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Lima to Paris


The Lima UN climate conference has set the stage for governments to deliver a new universal climate change agreement in Paris, at the end of 2015. The new agreement is aimed at putting the world on track to a low-carbon, sustainable future while keeping a global temperature rise under 2 degrees C.

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The conference Our Common Future Under Climate Change took place in Paris last week and closed on Friday. Here is the speech delivered by Laurent Fabius, Minister of Foreign Affairs and International Development, President of COP21, at the closing session of the UNESCO scientific conference.


IPCC Chair,
Co-Chairs of the ADP Group,
Ladies and gentlemen, dear friends,

COP21 is to take place in less than 150 days here in Paris, or to be more precise – since I am speaking to an audience of scientists, I must be precise – in Le Bourget, a few kilometres from here.

Having left the Iranian nuclear negotiations in Austria this afternoon and before returning there this evening, I wanted very much to be here for the conclusion of your proceedings. Because, on the road taking us to COP21, your meeting is a stage that is doubly important. Firstly, in scientific terms: your meeting, the largest gathering of the scientific community before the Paris event, has enabled us to deepen our knowledge of global warming, its effects and the solutions we can bring to it. It is also important politically: you are sending out a further call to action to the world’s leaders. The expression “a booster shot” has been used: I am pleased to have you as allies in this, because this is a field in which several injections are considerably more effective than just one. 

This conference is therefore a remarkable initiative and I congratulate its organizers, including Mr Jouzel and Mr Le Treut. Both have been kind enough to agree to attend the meetings I chair each month for the preparation of COP21 – what we have called the “steering committee” – and their informed opinions have been of great use for us. 

I wish to salute all the scientists present here, coming from over 100 countries and representing every scientific discipline. Your mobilization has generated extensive exchanges of views, especially due to the presence of many representatives of the countries of the South. I salute all the other participants: elected representatives, managers of companies and NGOs, and private citizens, in addition to the media, acting as a highly useful channel for communication of our discussions. Your presence demonstrates that action for our planet is everybody’s business.  

Ladies and gentlemen, 

In the fight against global warming, one of the great causes for our generation –even the greatest perhaps given that it predetermines many others – the role of scientists has been and continues to be fundamental. 

Firstly, in terms of establishment of the facts. It is to scientists, to you, that the world owes its entry into what Jean Jouzel has called the “time of certainties”. 

Indeed, the time when the reality of climate change and its human origins were denied, including in France, is finished. The merit for this goes to the whole of the scientific community, and first and foremost to the IPCC, which has done exceptional work since being set up in 1988. Its reports have struck a useful blow against climate denial. Its diagnostic conclusions are now unchallenged. Through their quality and their integrity you have ensured that they have become unchallengeable. Rarely has the positive effect of the scientific spirit and research work been as sharply defined. You have made climate denial indefensible, climate fatalism irresponsible and, this is my hope, climate action unavoidable.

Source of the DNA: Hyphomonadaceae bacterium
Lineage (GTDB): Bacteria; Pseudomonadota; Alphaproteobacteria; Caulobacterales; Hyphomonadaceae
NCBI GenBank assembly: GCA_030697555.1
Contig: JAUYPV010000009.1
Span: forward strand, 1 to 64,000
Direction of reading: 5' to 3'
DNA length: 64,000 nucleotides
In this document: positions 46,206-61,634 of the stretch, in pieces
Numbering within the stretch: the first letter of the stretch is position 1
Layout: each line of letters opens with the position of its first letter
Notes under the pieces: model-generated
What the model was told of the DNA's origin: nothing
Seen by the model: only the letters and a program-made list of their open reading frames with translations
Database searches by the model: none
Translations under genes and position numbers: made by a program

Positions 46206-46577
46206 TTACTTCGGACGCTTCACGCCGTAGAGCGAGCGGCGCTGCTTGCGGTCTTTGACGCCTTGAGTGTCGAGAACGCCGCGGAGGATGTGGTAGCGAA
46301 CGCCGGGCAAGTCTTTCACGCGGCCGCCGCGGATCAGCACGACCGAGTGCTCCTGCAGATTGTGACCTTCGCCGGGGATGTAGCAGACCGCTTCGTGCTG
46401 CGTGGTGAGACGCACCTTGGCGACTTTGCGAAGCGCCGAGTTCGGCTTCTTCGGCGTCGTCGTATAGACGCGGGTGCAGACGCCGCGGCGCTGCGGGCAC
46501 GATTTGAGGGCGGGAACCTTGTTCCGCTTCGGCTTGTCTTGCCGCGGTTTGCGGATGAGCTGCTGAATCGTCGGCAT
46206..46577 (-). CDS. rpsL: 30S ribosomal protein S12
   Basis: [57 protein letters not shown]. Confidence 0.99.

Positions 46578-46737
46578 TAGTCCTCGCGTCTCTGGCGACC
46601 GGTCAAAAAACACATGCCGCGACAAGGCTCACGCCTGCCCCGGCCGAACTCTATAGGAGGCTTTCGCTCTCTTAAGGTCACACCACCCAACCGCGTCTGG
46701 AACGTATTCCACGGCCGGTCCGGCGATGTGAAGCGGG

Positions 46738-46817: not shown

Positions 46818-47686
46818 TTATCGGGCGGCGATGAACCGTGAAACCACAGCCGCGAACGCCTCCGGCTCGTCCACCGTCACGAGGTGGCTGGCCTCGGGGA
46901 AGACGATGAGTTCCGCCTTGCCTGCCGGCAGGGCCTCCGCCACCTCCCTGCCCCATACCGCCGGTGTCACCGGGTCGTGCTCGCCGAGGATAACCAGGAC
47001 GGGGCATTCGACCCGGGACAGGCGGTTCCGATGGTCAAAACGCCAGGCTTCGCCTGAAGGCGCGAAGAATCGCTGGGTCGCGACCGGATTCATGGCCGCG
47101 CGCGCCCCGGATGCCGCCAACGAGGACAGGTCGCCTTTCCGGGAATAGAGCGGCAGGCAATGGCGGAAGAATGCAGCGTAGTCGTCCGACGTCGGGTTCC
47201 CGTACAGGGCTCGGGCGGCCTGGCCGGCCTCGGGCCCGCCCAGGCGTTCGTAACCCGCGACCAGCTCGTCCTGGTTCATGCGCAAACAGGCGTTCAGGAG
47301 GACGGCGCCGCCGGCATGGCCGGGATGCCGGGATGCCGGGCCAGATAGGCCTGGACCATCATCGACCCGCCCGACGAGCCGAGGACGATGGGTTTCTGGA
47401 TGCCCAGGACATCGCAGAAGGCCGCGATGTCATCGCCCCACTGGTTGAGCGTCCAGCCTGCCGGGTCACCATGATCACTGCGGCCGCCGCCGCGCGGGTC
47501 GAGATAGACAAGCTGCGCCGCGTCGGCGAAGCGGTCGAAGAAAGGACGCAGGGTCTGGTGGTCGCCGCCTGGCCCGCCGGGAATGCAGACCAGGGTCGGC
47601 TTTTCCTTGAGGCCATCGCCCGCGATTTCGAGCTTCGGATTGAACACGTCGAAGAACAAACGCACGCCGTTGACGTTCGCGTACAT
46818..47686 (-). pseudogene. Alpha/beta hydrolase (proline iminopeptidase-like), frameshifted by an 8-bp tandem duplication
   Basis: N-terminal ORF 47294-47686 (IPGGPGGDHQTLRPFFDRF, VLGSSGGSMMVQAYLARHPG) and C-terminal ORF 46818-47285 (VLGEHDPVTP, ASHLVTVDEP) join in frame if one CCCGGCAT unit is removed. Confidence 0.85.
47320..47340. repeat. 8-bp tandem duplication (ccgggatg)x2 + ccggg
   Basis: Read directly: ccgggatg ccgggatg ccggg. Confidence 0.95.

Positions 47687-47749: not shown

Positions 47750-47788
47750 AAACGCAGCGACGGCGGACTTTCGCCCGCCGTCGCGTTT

But before that, you were obliged to confront doubts, criticisms, accusations – not all of which were guided solely by a concern for scientific truth. The rigorous character of your work has won the day. Today, in negotiations, the reality of climate change and its human origins are no longer seriously called into doubt: they have become an established truth. That victory, ladies and gentlemen, is your victory. 

Looking beyond the establishment of the facts, the scientific community has played and is still playing a key warning role. The IPCC’s reports are no longer content to analyse the causes of warming and to offer a diagnostic analysis of the situation; they are a call for a global awakening in that they define the three sides of the basic triangle of climate knowledge: the first side – the consequences of inaction would be irreversible and devastating; the second side – it is still possible to take action; the third side – action is urgent. 

Indeed, it is thanks to science that we know that warming by 3°, 4° or even 5°C – which corresponds to the inaction scenario – would result in a planet full of danger. It is thanks to science that we know that the effects of climate change would be more violent for certain regions of the world, but that no region would be spared. It is thanks to science that we know that the cost of an absence of decision would be exorbitant, especially for the poorest among us. 

And finally, I wish to emphasize the crucial role of scientists, your role in the solutions. Science has enabled us to move beyond the “Should we act?” debate; it provides the keys to answer “How should we act?”

It is scientists who indicate for us the path to be followed to keep warming below 1.5° or 2°C. Specifically, we know that meeting that target requires us to ensure that global emissions peak during the present decade, to reduce them by between 40% and 70% over the period 2010 to 2050, and to arrive at “carbon neutrality” in the second half of the century. 

It is also scientists who involve themselves in designing and subsequently evaluating concrete solutions for the mitigation of greenhouse gas emissions and adaptation to the effects of climate change. During this conference, you have, across all your fields, demonstrated that the science that warns us about the climate is also increasingly the science that provides solutions for the planet.

Ladies and gentlemen, 

Knowledge, yes, but knowledge for action. It is imperative that COP21 arrives at an agreement in December – and an agreement commensurate with the challenge of the climate. Our goal is to arrive at a “Paris Alliance” comprising four objectives, four pillars. I would like, as President of this COP, to tell you in a few words where we are today on this. 

1. The first pillar must be the agreement itself, one that is universal and legally binding. That agreement must be fair, by which I mean that it must provide for efforts that are differentiated according to country, go hand in hand with financial and technological solidarity for the poorest countries, and take greater account of the effects of climate change. The agreement must be sustainable, and must neither ignore the period up to 2020 nor stop suddenly in 2030; it must include immediate action and be open to extension because it is not possible for us to renegotiate the common rules and principles every ten years. It will need therefore to include a “review mechanism” that regularly invites States to assess the initial commitments and upgrade them. Indeed, a sustainable agreement is a necessary condition for an ambitious agreement: COP21 must be more than simply an achievement; it must also and above all be a point of departure for a further period and a renewed effort.